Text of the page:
4 Non-Toxic Weed Killers for Your Yard

May 27, 2020

4 Non-Toxic Weed Killers for Your Yard

May 27, 2020

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This post contains affiliate links. This means I may earn a small commission if you make a purchase, at no additional cost to you. Read my disclosure here.

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Here are four ideas for non-toxic weed killers, if you want to keep your yard free of potentially harmful chemicals. I know there are products on the market that are billed as pet/kid-safe, but I’m more comfortable with these options. They require a little more effort and sometimes repeated application. However, these recipes for non-toxic week killers use household ingredients and *most* don’t require waiting before you play a game of soccer (careful around the borax!).

weed killer in spray bottle

The Simplest Non-Toxic Weed Killers

1 – Just Boil Water

Yes, seriously! If you need to kill a few weeds and don’t want to permanently destroy your grass or change the pH of the soil, pour boiling water on the weed and it will die. Boiling water will also kill grass (which will regrow), so just be careful where you pour. I tried this method on dandelions last year and it’s mildly effective. The boiling water definitely kills the weed, but dandelions will eventually come back, unless you remove them.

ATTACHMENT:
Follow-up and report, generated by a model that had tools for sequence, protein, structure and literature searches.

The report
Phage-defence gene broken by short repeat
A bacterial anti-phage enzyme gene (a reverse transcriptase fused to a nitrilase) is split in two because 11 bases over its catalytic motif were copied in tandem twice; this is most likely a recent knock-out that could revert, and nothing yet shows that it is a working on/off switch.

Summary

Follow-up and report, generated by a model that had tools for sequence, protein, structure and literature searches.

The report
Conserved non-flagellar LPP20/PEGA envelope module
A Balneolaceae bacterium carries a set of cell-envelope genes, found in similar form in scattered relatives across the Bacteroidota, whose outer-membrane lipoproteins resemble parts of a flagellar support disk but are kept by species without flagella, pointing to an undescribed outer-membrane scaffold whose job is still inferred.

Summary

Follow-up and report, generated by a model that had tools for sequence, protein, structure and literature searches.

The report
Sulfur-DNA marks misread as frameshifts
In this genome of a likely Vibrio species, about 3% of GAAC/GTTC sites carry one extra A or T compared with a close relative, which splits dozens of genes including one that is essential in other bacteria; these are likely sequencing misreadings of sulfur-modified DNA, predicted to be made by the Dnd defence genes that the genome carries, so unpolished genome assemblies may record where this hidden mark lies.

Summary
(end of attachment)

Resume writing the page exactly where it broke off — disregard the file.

pouring boiling water on dandelions

To get rid of dandelions, you truly have to dig out the entire tap root. They are amazingly adept at regenerating if even a tiny sliver of root is left in soil. When you try to pull the plants, I recommend this tool over this dandelion puller, because it’s much easier to get the entire taproot.



2 – Spray Vinegar

Ok, so these methods aren’t all “recipes” since the first two are just single ingredients. Vinegar is a non-toxic (to humans) weed killer. Actually, it will kill any above-ground plants, so be careful where you pour or spray it. I keep a spray bottle of vinegar under the sink, which I use to clean my house (read this post for more info on DIY natural cleaners). It’s my go-to, quick weed killer when weeds sprout up between cracks in our driveway or sidewalk.

non-toxic weed killers work great on cracks in driveway

I’ve learned that weeds will eventually regrow where I spray vinegar, so this might take a few rounds. It does kill plants within a day or two, but be prepared to spray again a few weeks later. I’ve read that vinegar can change the pH of soil, but I’ve also observed that it doesn’t seem to kill the roots of plants… so unless you pour it directly on the soil, I doubt it has much effect on the pH.